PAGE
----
Laser Toughens Metal Without Polluting

By Michael A. Riley and James G. Mitchell

Buyers of military hardware compromise between performance and cost. In many systems, survival in harsh combat environments usually means the selection of expensive materials for corrosion protection, wear and erosion resistance, or thermal management.

This dilemma has fostered the broad and complex field of coatings technology. From advanced polymers to high temperature ceramics, coatings of all types have been developed to improve the surface properties of structures. However, most techniques for metal systems involve coatings that can only adhere mechanically to their substrate metal. In addition, many of today's solutions involve materials that are, or create, toxic and hazardous by-products.

A Tennessee-based firm, meanwhile, has developed a new technology for improved metal surfaces that is environmentally friendly. Surface Treatment Technologies Inc. (ST2) recently licensed a laser surface alloying process and is adapting it to military needs.

The laser process is known as Laser Induced Surface Improvement, or LISIsm. It is the result of efforts by scientists at the University of Tennessee Space Institute. ST2 won five Phase I Small Business Innovative Research (SBIR) contracts from the Defense Department.

In conventional coating processes, a coating is placed on top of a substrate, and adheres via mechanical bonding. While this may be acceptable for many applications, many military applications exceed the strength limits of conventional coatings. LISIsm re-alloys a base metal by using laser energy to rapidly melt the top 1-millimeter of the surface. In this brief molten state, metal or ceramic powders are rapidly melted into the surface, resulting in a new alloy chemistry, a highly refined grain size, and a surface that is metallurgically bound to its substrate, much like a weld.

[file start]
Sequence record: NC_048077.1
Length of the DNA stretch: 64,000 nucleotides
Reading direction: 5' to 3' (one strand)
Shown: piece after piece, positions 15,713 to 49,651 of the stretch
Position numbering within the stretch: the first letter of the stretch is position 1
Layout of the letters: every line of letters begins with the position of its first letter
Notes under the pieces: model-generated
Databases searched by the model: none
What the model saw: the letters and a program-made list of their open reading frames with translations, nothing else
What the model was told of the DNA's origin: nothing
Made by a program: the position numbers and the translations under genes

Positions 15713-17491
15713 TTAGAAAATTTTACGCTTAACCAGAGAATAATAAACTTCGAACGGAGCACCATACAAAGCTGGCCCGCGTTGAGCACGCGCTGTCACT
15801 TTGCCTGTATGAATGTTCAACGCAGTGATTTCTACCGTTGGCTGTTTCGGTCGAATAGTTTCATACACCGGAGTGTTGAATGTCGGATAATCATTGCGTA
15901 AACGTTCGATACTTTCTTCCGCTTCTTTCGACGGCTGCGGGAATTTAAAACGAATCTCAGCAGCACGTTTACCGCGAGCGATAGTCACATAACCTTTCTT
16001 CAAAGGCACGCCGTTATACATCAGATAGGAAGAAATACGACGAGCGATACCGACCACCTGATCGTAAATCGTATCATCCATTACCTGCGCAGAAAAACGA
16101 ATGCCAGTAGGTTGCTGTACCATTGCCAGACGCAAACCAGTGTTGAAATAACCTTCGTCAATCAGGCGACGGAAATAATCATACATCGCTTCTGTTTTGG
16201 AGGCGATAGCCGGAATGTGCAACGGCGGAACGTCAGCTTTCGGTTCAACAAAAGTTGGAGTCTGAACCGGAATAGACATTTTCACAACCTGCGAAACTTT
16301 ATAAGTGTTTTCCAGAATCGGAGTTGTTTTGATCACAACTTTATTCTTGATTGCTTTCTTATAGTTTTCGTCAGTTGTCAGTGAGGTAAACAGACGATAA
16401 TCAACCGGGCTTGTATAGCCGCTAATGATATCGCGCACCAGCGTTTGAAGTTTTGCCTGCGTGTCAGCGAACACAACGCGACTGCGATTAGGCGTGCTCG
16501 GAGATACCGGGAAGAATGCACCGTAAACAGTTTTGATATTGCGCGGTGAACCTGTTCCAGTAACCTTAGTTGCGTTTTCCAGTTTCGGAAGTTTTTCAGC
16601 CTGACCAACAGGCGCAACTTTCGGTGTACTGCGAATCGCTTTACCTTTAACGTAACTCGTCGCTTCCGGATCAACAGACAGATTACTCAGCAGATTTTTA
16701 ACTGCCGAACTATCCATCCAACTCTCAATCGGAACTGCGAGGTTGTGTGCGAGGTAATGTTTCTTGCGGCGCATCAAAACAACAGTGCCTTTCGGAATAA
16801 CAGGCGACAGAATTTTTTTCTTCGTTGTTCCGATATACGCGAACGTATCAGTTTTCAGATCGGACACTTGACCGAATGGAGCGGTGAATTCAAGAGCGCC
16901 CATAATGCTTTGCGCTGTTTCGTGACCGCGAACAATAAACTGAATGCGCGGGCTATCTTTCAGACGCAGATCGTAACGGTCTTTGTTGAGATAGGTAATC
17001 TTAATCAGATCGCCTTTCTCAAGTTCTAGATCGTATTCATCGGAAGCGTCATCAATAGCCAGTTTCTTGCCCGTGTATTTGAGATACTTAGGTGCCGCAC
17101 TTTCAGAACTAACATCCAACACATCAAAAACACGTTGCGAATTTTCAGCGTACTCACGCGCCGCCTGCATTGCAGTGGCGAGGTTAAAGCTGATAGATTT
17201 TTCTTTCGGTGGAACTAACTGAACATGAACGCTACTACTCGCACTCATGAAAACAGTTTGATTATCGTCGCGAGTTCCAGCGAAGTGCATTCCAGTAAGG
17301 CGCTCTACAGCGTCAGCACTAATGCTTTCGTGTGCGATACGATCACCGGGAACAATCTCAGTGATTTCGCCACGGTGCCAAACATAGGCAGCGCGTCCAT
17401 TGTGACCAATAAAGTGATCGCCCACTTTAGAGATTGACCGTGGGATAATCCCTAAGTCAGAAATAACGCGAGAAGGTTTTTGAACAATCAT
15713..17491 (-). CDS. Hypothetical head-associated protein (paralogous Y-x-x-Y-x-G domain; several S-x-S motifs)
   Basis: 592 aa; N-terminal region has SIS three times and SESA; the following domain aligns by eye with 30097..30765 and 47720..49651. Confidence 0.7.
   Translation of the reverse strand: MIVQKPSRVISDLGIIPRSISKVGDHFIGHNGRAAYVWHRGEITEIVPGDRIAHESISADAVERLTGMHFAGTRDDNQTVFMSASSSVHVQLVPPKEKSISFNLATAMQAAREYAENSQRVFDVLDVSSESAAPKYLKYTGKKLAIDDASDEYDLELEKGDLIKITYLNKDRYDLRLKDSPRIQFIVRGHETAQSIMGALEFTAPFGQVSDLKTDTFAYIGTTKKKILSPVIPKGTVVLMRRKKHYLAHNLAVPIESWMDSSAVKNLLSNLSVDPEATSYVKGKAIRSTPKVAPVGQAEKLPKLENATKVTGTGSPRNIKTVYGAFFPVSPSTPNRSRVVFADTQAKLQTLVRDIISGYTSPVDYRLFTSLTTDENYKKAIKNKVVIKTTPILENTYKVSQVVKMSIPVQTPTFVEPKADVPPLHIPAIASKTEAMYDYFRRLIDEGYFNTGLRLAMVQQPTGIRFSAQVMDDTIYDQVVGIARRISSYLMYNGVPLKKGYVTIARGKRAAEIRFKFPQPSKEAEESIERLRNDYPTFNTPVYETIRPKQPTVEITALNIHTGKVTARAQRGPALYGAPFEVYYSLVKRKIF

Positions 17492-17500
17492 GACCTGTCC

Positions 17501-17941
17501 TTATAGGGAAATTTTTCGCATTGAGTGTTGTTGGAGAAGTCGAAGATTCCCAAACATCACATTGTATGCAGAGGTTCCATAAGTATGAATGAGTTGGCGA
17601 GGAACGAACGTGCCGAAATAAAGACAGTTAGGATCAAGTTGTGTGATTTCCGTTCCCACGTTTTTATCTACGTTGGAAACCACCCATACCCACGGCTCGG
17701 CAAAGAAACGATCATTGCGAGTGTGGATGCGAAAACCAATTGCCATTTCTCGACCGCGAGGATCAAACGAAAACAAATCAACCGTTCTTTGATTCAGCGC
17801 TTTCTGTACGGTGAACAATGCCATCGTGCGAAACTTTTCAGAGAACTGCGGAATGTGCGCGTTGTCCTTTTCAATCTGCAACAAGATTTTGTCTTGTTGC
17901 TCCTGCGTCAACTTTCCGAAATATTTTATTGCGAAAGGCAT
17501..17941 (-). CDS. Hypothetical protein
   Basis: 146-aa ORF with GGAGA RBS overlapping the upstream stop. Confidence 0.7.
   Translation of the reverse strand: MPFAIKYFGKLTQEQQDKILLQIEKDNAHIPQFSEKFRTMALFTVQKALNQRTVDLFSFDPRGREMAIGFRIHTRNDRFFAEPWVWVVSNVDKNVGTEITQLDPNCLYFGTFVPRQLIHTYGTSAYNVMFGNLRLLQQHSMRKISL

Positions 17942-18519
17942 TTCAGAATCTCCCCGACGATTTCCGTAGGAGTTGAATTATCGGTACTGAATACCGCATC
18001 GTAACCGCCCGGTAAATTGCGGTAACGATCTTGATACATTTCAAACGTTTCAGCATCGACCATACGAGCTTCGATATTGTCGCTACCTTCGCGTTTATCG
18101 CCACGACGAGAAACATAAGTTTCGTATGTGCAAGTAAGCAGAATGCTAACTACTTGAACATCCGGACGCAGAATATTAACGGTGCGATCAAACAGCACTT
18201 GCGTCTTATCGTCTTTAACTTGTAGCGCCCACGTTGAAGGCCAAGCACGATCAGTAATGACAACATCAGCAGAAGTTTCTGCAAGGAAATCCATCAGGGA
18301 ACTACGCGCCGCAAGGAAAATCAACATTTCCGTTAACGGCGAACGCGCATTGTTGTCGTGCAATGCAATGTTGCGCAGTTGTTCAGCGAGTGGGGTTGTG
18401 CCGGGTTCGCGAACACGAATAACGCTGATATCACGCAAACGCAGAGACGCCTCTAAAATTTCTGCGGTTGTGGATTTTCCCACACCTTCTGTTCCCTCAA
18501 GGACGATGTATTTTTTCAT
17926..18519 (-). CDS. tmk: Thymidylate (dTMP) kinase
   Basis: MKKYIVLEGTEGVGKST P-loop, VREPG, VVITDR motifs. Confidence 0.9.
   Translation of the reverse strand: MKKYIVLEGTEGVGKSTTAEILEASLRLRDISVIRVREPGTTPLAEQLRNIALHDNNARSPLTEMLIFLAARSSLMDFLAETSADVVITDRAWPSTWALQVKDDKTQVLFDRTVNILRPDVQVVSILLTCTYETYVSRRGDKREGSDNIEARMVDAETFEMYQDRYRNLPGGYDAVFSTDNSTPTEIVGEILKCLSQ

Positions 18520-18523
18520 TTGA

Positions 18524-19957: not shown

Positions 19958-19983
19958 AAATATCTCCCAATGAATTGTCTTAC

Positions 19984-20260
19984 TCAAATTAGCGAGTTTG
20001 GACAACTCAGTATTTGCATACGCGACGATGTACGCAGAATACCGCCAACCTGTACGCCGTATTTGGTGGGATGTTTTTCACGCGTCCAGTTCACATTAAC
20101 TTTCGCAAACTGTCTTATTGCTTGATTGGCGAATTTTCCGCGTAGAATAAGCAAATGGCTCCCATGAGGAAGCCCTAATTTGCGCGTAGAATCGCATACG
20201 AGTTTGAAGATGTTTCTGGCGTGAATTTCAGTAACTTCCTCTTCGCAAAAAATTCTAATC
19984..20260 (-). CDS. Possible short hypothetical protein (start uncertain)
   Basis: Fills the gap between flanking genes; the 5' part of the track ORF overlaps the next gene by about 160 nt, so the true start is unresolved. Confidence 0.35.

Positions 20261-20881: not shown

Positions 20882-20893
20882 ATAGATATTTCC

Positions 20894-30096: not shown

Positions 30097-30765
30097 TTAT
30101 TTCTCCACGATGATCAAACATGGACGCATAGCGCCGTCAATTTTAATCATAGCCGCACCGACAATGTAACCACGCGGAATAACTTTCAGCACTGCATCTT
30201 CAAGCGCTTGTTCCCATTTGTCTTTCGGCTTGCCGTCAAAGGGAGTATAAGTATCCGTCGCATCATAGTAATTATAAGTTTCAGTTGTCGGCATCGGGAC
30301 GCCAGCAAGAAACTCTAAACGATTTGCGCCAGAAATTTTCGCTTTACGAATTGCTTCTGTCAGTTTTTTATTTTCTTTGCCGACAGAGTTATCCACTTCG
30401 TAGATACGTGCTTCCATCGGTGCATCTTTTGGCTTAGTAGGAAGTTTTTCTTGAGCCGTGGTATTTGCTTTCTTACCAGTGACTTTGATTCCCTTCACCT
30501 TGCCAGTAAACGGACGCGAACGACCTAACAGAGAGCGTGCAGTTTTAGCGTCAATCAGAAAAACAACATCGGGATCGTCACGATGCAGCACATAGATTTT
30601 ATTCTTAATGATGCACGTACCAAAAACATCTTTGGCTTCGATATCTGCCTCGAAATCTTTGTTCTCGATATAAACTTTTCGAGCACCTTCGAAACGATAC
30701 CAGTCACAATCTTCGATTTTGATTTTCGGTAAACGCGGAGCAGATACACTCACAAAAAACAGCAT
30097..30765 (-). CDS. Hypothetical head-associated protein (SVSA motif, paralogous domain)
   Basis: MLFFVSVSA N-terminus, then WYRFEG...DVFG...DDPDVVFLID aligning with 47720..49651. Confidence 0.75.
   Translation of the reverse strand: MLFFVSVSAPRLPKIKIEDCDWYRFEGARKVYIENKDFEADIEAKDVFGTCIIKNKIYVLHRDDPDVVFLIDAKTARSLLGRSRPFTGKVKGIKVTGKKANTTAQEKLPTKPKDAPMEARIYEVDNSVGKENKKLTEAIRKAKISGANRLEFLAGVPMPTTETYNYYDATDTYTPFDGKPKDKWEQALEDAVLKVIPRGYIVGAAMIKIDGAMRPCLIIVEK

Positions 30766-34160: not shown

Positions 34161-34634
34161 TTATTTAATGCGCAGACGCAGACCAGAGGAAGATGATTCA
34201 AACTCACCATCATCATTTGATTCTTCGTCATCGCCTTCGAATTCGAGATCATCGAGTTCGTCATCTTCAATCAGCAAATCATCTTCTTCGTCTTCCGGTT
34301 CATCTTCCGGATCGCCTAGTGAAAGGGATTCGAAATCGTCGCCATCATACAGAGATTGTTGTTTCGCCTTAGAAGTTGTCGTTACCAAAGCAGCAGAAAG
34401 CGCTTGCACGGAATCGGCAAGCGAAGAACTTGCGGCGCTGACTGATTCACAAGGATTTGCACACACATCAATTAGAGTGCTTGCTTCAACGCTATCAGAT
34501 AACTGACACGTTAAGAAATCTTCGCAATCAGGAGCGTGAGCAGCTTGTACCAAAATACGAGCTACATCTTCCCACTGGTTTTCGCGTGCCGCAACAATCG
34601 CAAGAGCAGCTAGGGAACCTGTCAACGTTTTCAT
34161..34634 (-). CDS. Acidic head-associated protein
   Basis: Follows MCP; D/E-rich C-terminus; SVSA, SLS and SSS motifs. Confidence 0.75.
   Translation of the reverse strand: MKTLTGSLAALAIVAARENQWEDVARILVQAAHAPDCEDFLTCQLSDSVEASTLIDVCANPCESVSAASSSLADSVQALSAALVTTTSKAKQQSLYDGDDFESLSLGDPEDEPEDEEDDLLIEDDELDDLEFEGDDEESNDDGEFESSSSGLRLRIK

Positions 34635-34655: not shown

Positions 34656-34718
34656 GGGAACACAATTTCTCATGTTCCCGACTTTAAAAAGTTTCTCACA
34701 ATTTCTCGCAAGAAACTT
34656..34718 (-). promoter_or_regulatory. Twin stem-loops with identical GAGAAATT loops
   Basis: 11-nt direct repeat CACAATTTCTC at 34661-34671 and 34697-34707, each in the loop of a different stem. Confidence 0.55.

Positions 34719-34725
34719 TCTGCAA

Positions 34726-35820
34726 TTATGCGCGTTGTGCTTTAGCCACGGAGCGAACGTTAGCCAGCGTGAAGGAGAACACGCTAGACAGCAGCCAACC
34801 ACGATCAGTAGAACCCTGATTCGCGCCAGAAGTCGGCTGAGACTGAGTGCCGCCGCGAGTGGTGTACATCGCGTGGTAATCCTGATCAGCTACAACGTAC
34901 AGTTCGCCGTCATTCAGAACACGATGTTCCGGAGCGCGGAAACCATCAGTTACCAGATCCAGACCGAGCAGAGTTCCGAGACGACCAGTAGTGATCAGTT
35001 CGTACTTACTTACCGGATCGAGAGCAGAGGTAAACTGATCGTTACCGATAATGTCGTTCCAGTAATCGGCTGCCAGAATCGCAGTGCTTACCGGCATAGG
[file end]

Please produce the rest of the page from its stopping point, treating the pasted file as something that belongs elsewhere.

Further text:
It is as though the new surface has emerged from the base alloy by virtue of the controlled addition of the master alloying components.

In other processes that offer this metallurgical bond, there often is a high degree of heat put into the part, resulting in what is termed a heat-affected-zone. These zones weaken structures and are detrimental in critical components. Because of the rapid interaction time of the laser with the metal, LISIsm parts produce narrow heat-affected zones in base alloys.

An SBIR project funded by the Naval Air Systems Command, Patuxent, Maryland, is focusing on the ability of LISIsm to provide non-cadmium, alternative surfaces to act as sacrificial anodes for flight-critical hardware. The Environmental Protection Agency is seeking ways to apply the technology to existing commercial applications that require significant use of hard chromium plating.

A recent independent analysis of the LISIsm process shows it has potential to satisfy advanced and basic materials needs. Concurrent Technologies Corporation, a non-profit research and development organization promoting the use of "intelligent, agile, and green processing and manufacturing," is considering LISItm for various manufacturing technology efforts.

Potential military applications for LISIsm surfaces include:

Future applications involve surfaces for ships, cost-effective surface modifications to replace conventional paints, and non-skid surfaces for ship decking.

Experts predict the technology could be applied to the surface modification of those hard to reach places, such as inner diameters of tube structures, hydraulic systems, or blind corners and crevices. Researchers have developed LISIsm fiber-optic heads, known as end-effectors capable of accessing inside 1-inch diameter tubes.

This capability could work for both cadmium and chrome replacement in military hardware, from power trains to hydraulics and weapon systems.

ST2 plans to offer LISIsm production systems to both government and contractor facilities for in-plant operation. This will involve sub-licensing for specific needs, design, assembly, and installation of laser hardware.

Michael A. Riley is president and James G. Mitchell is chief executive officer of Surface Treatment Technologies, Tullahoma, Tennessee.

Topics: Emerging Technologies

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